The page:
Wild observations

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By Nancy Oakes

In my younger life, I never expected to end up in Florida. Now during the winter holidays I've come to appreciate Florida's appeal. On Christmas I walked in the next door woods, enjoying the soft light on olive green live oak leaves, russets of turkey oaks, golden tans of rushes and brown to gray bark of tree trunks. Bluejays called in tree tops; chickadees chittered in lower branches. Later that some day, as I walked to my landlords' house for dinner, I paused outside their door and listened to goldfinch pweeing and murmuring in their sweet voices as they foraged for food in nearby oaks.

Two days later, I joined my friends on the Withlacoochee Bay Trail, a segment of the Cross Florida Greenway. We started at Felburn Park outside of Yankeetown and rode our bikes five miles to the Gulf of Mexico. Felburn Park offers parking areas, clean restrooms, picnic tables and a playground. The paved path parallels the Cross Florida Barge Canal on one side and travels through portions of Dixon Hammock, a 740 acre public access natural area. Plenty of picnic pavilions and overlooks provide reasons to stop and enjoy the scenery. Toward the end section of the bike path, salt marshes proceed the tidal flats and open water of the Gulf.

The day started out misty, turning by midmorning into a balmy, mild day with a slight breeze, not strong enough to cause much wind resistance. I noticed a difference in vegetation right away compared to the landscape I'm usually traveling through. Banks of cabbage palms grew along the canal edge, joined in many places by cedars, wax myrtles and pyracanthas. Some of the cedars contained frosty blue-looking berries. The pyracantha hosted bright red-orange berries. Several cat birds whined in the thick brush. Mockingbirds flew from perch to perch, wrens scolded in lower brush, towhees scuttled underneath leaves and little birds, some possibly yellow-rumped warblers, chipped energetically.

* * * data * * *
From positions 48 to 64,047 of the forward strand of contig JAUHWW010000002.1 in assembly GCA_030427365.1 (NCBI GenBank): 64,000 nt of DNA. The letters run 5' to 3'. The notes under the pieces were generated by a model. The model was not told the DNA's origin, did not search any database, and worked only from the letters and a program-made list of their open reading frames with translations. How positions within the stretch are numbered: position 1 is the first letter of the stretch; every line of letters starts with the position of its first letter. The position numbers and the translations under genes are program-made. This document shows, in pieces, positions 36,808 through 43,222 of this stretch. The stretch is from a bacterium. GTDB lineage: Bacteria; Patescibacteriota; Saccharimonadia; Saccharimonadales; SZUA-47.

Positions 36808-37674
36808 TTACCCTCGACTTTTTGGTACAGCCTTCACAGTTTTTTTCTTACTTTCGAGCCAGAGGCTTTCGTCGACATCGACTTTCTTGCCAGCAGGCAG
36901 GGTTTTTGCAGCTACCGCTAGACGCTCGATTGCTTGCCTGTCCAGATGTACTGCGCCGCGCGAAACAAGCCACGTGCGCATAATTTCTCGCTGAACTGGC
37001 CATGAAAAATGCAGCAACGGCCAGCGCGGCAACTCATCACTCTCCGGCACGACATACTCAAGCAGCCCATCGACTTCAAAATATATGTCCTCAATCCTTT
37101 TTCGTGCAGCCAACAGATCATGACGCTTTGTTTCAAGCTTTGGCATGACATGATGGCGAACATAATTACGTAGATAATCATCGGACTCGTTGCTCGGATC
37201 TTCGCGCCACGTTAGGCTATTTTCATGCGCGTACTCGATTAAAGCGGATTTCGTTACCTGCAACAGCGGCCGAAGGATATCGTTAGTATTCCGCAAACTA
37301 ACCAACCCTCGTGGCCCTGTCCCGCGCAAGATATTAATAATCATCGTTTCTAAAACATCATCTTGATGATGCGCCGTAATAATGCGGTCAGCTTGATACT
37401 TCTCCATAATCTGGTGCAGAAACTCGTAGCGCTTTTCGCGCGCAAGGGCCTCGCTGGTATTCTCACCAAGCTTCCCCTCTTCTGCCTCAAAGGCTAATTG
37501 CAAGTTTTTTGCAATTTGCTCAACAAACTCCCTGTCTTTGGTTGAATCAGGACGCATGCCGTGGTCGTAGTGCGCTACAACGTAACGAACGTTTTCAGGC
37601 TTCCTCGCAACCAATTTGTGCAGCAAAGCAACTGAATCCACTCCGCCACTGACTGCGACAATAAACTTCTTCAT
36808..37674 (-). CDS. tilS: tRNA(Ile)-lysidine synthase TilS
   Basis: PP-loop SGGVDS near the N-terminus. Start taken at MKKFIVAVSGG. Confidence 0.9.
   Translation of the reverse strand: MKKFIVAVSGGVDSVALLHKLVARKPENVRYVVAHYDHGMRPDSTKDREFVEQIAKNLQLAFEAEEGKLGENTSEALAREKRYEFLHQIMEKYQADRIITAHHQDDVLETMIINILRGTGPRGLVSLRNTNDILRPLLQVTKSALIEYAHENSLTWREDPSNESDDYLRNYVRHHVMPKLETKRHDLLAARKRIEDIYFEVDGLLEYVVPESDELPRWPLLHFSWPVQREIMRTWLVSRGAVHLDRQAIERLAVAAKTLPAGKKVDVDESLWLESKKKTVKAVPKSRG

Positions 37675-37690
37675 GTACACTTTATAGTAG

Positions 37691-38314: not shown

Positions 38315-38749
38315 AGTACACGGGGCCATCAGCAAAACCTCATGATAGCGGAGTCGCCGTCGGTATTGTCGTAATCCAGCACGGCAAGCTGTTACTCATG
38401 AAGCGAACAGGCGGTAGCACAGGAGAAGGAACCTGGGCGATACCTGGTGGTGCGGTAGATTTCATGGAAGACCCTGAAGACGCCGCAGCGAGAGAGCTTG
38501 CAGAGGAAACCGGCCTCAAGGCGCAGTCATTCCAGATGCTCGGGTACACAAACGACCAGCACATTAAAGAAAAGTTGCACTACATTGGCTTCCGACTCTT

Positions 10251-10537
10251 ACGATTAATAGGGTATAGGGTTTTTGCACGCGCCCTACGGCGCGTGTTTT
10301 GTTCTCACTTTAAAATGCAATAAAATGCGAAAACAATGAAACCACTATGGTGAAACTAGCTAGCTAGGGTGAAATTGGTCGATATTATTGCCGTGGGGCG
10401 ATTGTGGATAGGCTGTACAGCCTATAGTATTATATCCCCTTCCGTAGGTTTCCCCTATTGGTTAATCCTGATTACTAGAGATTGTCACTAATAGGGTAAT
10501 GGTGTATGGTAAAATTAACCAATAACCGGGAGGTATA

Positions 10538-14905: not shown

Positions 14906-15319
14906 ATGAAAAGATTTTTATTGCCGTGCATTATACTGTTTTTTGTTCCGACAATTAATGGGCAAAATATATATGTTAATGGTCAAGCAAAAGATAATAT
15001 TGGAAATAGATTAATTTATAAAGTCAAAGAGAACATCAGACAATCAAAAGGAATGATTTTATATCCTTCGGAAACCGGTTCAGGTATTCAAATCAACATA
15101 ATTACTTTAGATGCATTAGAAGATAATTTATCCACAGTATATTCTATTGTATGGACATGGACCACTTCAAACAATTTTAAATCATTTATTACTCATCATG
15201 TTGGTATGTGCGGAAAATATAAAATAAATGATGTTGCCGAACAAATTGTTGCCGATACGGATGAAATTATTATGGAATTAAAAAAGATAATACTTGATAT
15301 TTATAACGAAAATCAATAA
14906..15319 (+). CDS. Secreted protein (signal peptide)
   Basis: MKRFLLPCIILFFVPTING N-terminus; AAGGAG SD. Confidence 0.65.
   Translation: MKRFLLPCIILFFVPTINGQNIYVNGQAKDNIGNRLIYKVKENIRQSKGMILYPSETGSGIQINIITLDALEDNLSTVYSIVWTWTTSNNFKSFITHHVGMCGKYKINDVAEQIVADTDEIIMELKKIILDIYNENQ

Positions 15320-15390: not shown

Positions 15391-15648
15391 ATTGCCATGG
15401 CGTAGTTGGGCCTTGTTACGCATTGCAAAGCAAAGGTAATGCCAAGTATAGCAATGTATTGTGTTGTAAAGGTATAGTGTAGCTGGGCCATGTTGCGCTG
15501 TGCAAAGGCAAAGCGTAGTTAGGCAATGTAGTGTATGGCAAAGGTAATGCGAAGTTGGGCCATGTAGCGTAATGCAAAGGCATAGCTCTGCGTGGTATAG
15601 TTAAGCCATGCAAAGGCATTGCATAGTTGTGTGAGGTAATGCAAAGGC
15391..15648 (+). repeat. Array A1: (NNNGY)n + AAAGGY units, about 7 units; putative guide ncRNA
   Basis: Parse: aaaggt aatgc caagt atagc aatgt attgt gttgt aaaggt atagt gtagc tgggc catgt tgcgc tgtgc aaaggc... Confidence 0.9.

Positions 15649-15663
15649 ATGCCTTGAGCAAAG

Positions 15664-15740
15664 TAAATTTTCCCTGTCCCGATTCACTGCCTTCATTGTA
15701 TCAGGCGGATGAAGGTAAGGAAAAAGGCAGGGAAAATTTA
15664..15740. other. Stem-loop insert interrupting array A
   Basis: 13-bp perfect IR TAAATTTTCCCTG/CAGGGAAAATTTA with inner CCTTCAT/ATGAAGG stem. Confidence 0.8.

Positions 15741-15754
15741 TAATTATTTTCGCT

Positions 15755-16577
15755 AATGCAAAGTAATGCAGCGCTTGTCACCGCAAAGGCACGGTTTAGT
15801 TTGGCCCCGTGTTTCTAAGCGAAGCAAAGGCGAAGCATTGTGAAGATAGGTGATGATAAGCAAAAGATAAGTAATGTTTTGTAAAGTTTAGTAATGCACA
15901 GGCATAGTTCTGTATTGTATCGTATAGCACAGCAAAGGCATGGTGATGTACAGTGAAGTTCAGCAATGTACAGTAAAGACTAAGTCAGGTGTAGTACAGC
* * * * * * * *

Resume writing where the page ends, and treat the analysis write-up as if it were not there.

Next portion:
Out on the canal, brown pelicans gracefully powered over the water's surface, osprey cheeped in high tones, kingfishers rattled out calls and blue heron surged on powerful wings from one wading and hunting spot to another. A small armadillo traipsed through a wooded area opposite the canal. I stopped to appreciate bits of colorful nature like a red maple or golden yellow hickory. Scarlet leaves left on Virginia creeper vines coiled over bushes and tree branches. Another vine, wild grape, still had yellow leaves in places.

Saltbush full of fluffy white seeds grew on both sides of the path. We passed a sandy bank dotted with tall goldenrod now gone to seed. A small open area still had Spanish needle flowers and above the flowers, numerous gulf fritillary, queen and yellow sulphur butterflies fluttered from bloom to bloom. I also saw a few buckeye butterflies and a zebra longwing and checkered white. We stopped at a boardwalk located on the edge of saltmarsh with some open brackish water. Kate pointed out the sounds of mud bubbles popping in the high grasses. The smells reminded me of the coast, and soon we came to the end of the path where the Gulf of Mexico offers habitat for crabs and sea gulls, fishermen and coastal plants. A tiny bluegray gnatcatcher busily hunted insects in salt bushes growing next to our overlook.

While we watched, a fisherman on the shore caught a 15" red fish. He threw it back because it was too small, but the fish gave him a fun struggle before it was landed. Other fishermen used the canal and gulf access to try their luck on shore.

Boats also entered and exited the gulf by way of the canal.

We had a good morning of biking and nature observation. We passed a few other bicyclers plus walkers and two skaters. There are also horse trails and a parking area for trailers reached by a side road. The horse trails loop through a section of Dixon Hammock.

With our gentle winter days, we Floridians can enjoy such outdoor facilities as the Withlacoochee Bay Trail.

Until next time, good observing.